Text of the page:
The Road To Graduation, Part I

I’ve been going to San Jose City College on a part-time basis for the last five years to learn computer programming. With Data Structures (CIS 55) approved to continue with only seven students, I’m finally on the road to graduating this semester. I did a lot of walking between the Technology building (Parkmoor Avenue and Bascom Avenue) and to Admissions & Records inside the Student Union building (Parkmoor Avenue and Leigh Avenue) to get the paperwork straighten out. The worst part was that I didn’t need to.

After checking with my instructor on taking Object Oriented Programming (CIS 59) under Directed Study (CIS 98) last week, I made an appointment to see the dean at the Technology building. He signed off on a note that I can make the appropriate substitutions to graduate this semester. When I file my graduation petition in a few weeks, I’ll get a substitution form from the counselor for the dean to sign off to approve the substitutions.

I made my first trip across campus to Admission & Records to sign up for the CIS 98 class to get that out of the way since was the third week of the semester. The clerk refused to do anything since I didn’t have a signed add slip for the class. When I pulled out the note from the dean, he reluctantly accepted that and put into the pile behind him. I pointed out that I needed the paper back, he told me tough luck that I didn’t make a copy as the original now belonged to Admissions & Records.

That’s not what I wanted to hear. I started thinking about if I could hurl 355 pounds of muscle over the counter to get my paper back. A desperate graduate-to-be in desperate times will do desperate things. Fortunately, the clerk’s supervisor stepped in to give me my back my paper. Since the dean forgot to put my name on the paper, Admissions & Records wasn’t going to accept it and I couldn’t register for my class until I have a signed add slip anyway. So double tough luck.

I made a second trip over to the Technology building to see my instructor to get an add slip, have the dean put my name on the note, and maybe have the department secretary make a copy so I didn’t have to stop by the library. Everyone was out of the office. Since I had business on the other side of campus, I made a trip there and back again. When I still couldn’t find them, I went out to dinner. Before class got started that evening, I showed the note to my instructor, who made an announcement to the class that I was graduating this semester, and he sent an email to Admissions & Records to add me to CIS 98.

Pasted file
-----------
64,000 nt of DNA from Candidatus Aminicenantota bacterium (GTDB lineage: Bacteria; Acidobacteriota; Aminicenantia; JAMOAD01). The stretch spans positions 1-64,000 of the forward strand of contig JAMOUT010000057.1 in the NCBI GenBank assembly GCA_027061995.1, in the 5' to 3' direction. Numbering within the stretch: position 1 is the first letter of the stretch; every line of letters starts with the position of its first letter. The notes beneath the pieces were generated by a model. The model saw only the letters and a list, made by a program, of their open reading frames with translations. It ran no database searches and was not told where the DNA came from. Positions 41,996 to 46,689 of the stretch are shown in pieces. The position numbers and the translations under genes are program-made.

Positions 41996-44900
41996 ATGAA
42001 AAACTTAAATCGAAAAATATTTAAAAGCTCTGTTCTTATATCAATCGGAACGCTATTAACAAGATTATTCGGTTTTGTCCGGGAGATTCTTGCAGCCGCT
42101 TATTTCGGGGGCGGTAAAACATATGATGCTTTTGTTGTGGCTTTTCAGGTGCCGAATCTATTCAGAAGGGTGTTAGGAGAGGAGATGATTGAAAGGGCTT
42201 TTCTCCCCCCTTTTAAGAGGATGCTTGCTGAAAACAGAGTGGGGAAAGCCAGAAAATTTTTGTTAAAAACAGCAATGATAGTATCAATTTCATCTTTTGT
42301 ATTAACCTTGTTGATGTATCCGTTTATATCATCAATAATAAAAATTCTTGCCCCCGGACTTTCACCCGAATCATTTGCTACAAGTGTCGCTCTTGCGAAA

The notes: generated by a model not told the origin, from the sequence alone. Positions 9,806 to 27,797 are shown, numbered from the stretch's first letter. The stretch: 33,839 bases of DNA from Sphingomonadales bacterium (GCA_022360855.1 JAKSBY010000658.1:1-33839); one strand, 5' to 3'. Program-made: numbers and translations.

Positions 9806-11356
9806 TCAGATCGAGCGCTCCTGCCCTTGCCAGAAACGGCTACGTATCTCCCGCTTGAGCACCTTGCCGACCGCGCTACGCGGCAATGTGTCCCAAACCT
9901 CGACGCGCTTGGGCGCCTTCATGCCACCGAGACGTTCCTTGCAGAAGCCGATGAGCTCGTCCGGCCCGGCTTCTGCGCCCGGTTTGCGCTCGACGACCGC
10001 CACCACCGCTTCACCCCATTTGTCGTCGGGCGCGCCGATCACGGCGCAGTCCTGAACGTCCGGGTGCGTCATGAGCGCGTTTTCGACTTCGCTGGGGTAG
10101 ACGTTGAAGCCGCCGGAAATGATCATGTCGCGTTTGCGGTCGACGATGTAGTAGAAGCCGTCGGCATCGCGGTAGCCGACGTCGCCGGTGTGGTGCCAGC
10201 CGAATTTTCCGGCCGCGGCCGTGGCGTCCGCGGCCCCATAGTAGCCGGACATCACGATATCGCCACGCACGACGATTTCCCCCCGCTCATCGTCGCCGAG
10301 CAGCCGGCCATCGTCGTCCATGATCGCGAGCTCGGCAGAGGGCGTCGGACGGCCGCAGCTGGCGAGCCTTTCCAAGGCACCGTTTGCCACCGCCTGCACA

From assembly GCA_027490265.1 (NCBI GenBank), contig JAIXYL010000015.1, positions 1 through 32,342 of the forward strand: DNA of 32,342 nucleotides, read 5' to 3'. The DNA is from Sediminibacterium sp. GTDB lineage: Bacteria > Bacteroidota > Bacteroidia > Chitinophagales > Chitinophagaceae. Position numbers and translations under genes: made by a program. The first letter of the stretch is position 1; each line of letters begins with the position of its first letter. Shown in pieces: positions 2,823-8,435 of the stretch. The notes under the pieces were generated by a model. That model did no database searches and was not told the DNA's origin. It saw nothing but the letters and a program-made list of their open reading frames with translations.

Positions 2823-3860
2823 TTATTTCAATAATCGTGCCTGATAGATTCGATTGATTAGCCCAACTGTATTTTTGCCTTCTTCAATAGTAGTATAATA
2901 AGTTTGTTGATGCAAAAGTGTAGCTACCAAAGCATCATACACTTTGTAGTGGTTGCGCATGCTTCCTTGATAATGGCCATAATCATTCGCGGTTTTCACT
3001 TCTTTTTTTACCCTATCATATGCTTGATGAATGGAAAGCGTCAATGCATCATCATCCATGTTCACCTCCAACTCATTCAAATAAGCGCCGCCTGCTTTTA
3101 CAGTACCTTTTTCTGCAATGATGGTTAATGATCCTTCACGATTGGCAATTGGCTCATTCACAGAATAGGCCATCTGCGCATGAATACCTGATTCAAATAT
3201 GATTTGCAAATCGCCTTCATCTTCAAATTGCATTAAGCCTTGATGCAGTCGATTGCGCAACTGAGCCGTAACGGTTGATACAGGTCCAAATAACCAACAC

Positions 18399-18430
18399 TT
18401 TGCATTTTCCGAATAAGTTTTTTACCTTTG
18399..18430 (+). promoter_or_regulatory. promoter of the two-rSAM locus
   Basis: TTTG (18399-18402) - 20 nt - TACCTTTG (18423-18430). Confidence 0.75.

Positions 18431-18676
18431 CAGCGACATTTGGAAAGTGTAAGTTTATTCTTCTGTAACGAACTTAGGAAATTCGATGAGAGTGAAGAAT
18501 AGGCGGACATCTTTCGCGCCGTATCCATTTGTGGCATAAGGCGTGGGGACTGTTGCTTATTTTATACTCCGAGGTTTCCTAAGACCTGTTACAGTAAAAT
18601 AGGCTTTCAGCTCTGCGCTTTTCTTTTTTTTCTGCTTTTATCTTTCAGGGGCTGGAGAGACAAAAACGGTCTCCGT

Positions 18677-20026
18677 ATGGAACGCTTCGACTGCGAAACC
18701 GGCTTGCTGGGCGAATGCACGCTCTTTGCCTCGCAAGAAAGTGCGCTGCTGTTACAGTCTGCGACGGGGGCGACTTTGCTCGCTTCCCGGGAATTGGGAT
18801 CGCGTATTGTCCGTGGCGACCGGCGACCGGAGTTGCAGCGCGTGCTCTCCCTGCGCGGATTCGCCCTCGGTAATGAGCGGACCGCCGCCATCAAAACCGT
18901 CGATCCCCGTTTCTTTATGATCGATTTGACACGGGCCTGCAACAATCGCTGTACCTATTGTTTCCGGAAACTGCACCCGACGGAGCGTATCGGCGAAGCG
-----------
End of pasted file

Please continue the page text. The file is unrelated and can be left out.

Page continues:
I haven’t had this much fun chasing paperwork since attending San Jose State University during the 1994-95 school year. I could never find my major adviser to sign off on any paperwork. I’d managed to corner a drunken Russian mathematics professor in his office to get him to sign off on my paperwork, hoping that he wouldn’t keel over dead on top of them. The department secretary took one look at the signature and declared: “This doesn’t have a snowball chance in hell of flying through here.”

The department rejected my paperwork the following week and the university kicked me out the following semester. I’m quite certain that playing Magic: The Gathering card game until the wee hours of the morning with my roommates, running a BBS business on the side, and being depressed over a girl I fell in love with were not contributing factors in getting kicked out of school.

You would think that being in Silicon Valley that everything could be done over the computer without having students chase after pieces of paper. Unfortunately, SJCC is still using the same mainframe computer with the same slow serial connections when I first went to school in the early 1990’s.

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